The U.S. Congressional tax reform plan is still evolving and its effects are still under analysis. Yet it is already easy to take a stand against the bill form a high level analysis of public policy principles as outlined in #1 to #5 below. Objections to specific effects on taxpayers are listed starting at #6. These are the provisions most likely to change. This is what we have so far:
1. More than anything else this is a tax cut for the rich – those in the top 1% – at a time when about 70% of Americans convincingly say in many polls that they don’t want to give a tax break to the rich. There is more than ample analysis that shows how the tax reform bill cuts taxes for the very wealthiest. There is more than overwhelming evidence that the majority of Americans don’t support this approach.
2. Our economy is booming. Tax cuts are best used in a time of economic recession to stimulate the economy. There is no economic argument to be made for a tax cut at this time. The promoters say that that the current tax code is broken and is choking America. Where is the evidence for this? If this were true we would expect to see America’s wealth stagnant or declining. That’s not the case. America’s economy is booming and the rate of growth in wealth is as strong as ever.
3. Even many the rich who have voiced an opinion aren’t clamoring for a tax cut. Many of those in the highest level of income and wealth plainly state that they don’t need or deserve a tax cut. The rich are doing quite fine, thank you very much, and don’t need the American people to give them a tax break.
4. The best reason our political leadership offers for pushing the tax reform bill is “This is what we said we would do”. This isn’t a good enough reason. We deserve an economically based justification got such an important issue and not a political reason for the new law. Some say that it is important for the new president to achieve some significant tangible sign of progress with the legislature. Even if that is true, it shouldn’t be with this lousy tax bill that hurts the nation.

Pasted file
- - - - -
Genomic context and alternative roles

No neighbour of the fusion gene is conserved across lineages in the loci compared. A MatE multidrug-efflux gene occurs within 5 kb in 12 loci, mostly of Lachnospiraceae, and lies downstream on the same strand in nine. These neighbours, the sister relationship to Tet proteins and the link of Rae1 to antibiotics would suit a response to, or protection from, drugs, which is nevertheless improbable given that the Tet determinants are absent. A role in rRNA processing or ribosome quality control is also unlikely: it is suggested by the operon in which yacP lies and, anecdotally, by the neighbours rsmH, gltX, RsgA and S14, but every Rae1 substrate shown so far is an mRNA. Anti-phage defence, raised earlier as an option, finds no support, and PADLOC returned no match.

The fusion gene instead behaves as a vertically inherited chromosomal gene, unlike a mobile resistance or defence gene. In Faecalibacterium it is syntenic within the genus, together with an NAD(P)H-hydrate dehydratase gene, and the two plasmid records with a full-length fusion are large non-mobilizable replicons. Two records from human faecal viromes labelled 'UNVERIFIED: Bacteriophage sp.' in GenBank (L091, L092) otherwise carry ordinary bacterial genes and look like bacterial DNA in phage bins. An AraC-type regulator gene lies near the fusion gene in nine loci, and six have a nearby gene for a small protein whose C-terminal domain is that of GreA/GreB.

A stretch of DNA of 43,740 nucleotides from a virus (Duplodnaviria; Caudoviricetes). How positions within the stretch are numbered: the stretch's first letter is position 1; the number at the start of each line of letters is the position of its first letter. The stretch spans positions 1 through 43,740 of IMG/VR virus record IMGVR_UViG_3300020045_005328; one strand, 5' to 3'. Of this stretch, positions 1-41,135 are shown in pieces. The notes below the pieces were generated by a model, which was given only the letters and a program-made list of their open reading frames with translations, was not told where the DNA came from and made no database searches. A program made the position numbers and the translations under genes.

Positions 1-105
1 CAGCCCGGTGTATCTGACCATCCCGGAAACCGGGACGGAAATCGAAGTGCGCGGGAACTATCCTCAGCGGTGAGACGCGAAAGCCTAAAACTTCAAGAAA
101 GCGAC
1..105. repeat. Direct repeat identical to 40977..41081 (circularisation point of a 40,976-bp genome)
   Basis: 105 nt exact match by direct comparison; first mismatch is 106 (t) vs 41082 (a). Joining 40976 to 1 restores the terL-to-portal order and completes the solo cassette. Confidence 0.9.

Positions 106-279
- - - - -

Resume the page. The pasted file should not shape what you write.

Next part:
5. Simple is not necessarily better. Our economy is complex so it is understandable that our tax system is also complex. No evidence has been provided by the bill’s promoters that simple is better in any way.
6. Fewer tax brackets means a less fair tax system, especially for working class people who are moved into a higher tax bracket by this reform. Over time, after the short term tax gimmicks are removed from this proposal. most taxpayers will pay more under this reform plan.
7. It means an increase in self-employed taxes for many self-employed people with S corporations. The proposal disallows the lower corporate tax rate for service businesses and increases self-employment taxes for many small businesses.
8. Having the federal government tax income that you used to pay other state, local and property taxes is just wrong. Paying taxes on top of taxes will have negative psychological and economic effects on the nation.
9. The reform law is projected to have the effect of decreasing the size of charitable contributions an thereby hurting charitable organizations.
10. Elimination of second home interest specially hurts those upwardly mobile people (Our best and brightest) who are stretching to afford a level of affluence. It hurts the real estate markets along the shore and hurts the home building industry.
11. After years of encouraging electronic filing and computer-calculated results, encouraging the use of a manual post card is a step in the wrong direction.
12. The adjustments in the reform bill made on 11/6/2017 after the bill’s introduction make the future tax savings more of a mirage. Adjustments each year have the impact of raising future taxes.
13. Elimination of renewable energy credits sends us in the wrong direction on world energy policy. This is a critical time since China is poised to make the necessary investment to become the world leader in clean electric power and vehicles.
14. Elimination of student loan interest deduction effectively increases the net cost advanced education at a time when investment in education in engineering, technology and sciences is so badly needed.
15. The rules as written for pass-through entities (sole proprietorships, partnerships, LLCs and S corporations) do not help reduce the taxes for most small businesses. That’s why the NFIB opposes the bill.
16. Expanding the Section 179 write-off allowance does not help small businesses but gives an additional tax break to larger businesses.
17. The bill substantially lowers the taxes of large successful corporations like 3M. Corporations already pay a significantly smaller portion of the nation’s total taxes than at any previous time in our lives. American voters do not want to lower the taxes of large corporations, according to consistent and reliable poll results.
18. Elimination of estate tax for the largest estates serves no positive purpose to society.
The list of objections could go on. As more flaws emerged, I simply didn’t feel that amending the title from “18” to some larger number would serve any useful purpose. Yet this tax bill is not made up of all bad ideas. See another article titled “2 reasons to support the tax reform bill“.